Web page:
(Reviewed by JD Jung)
“His white face floats in a sea of black protest. It is a time that calls forth the most picturesque of metaphors, for we are swimming along in the underbelly of America..there where it is soft and prickly, where you may rub your nose against the grainy sands of illusion and come up bleeding. “
It’s 1963 Mississippi and a white freedom fighter from Boston falls in love with a black woman. “We are in the year of racial, religious, and ethnic mildew.”
“Idealism came back in style. People got along for a while. Inside the melting pot. “
However we all know it wouldn’t last. “Whatever Happened To Interracial Love” is only one exceptional piece of fiction in this never-released collection of short stories by the late playwright Kathleen Collins, who herself was a Civil Rights activist in the 1960s.
Here is just a sampling of the many exceptional stories included in the collection:
“Broken Spirit” tells of a woman’s relationship with an opinionated self-destructive journalist from South Africa. The ending will surprise you.
In “The Happy Family”, a girl is jealous of her friend’s family, the only happy family she knew. But what is happiness and at what cost does one have to pay for it?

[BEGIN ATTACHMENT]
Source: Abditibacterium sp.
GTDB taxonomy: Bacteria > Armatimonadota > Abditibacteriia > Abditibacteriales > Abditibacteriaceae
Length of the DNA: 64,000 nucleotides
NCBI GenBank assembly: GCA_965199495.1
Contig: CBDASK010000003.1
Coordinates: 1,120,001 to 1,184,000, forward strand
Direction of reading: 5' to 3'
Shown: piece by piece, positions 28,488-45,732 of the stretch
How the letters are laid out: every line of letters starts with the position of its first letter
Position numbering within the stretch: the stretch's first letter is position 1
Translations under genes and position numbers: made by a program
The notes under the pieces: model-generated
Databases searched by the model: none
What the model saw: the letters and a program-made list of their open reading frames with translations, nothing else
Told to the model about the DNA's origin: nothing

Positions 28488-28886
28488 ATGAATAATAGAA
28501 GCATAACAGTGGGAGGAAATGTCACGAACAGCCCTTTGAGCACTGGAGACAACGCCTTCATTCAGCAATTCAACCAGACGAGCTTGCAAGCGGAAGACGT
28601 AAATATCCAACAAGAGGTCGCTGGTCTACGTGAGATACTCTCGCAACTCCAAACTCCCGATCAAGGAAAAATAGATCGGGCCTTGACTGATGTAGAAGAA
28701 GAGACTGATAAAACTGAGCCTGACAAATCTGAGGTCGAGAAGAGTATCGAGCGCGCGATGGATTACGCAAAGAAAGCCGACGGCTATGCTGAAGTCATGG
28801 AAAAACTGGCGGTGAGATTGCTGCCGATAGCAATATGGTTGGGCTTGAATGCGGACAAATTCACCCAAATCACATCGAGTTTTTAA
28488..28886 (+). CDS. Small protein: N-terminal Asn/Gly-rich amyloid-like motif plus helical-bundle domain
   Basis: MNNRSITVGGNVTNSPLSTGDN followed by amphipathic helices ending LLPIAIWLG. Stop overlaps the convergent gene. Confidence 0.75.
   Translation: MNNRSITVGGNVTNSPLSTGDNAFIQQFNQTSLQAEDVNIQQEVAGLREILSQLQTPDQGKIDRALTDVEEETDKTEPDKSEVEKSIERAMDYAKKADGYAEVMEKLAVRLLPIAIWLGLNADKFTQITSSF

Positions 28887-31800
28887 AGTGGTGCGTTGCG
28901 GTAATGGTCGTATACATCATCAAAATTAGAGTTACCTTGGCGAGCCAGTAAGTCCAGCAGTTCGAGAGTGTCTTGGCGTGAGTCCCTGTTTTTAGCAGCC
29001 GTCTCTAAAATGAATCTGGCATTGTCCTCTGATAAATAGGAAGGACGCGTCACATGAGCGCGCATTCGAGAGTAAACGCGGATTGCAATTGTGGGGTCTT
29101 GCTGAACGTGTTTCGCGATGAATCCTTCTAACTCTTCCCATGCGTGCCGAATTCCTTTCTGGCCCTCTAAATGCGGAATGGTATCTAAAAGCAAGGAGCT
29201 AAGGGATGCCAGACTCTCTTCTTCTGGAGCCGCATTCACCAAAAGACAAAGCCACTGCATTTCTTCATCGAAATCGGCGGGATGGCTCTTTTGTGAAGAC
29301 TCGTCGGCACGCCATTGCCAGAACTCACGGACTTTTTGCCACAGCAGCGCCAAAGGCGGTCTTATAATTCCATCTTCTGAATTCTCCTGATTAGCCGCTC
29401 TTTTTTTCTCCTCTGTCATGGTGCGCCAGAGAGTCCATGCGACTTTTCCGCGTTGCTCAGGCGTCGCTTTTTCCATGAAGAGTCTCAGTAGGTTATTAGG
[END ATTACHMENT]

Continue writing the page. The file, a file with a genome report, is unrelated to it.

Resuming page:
“Dead Memories…Dead Dreams” demonstrates the confusion of a young girl whose mother died before she could remember and the family that won’t accept her dark-skinned father .
There are around fifteen intimate stories. Each one is so different while still timeless. It was so hard to pick a favorite, so I won’t. Some I wished were longer, though. Collins approached many of the stories in a “matter-of-fact” , objective tone in the first person which magnifies the impact.
Collins wrote in delectable prose. Through the stories she dealt with issues of race, gender and love while avoiding the typical stereotypes. Some stories will require an additional read.
Collins died in 1988 from breast cancer at the age of 46. Unfortunately I’m sure she had more stories in her that we could have learned from.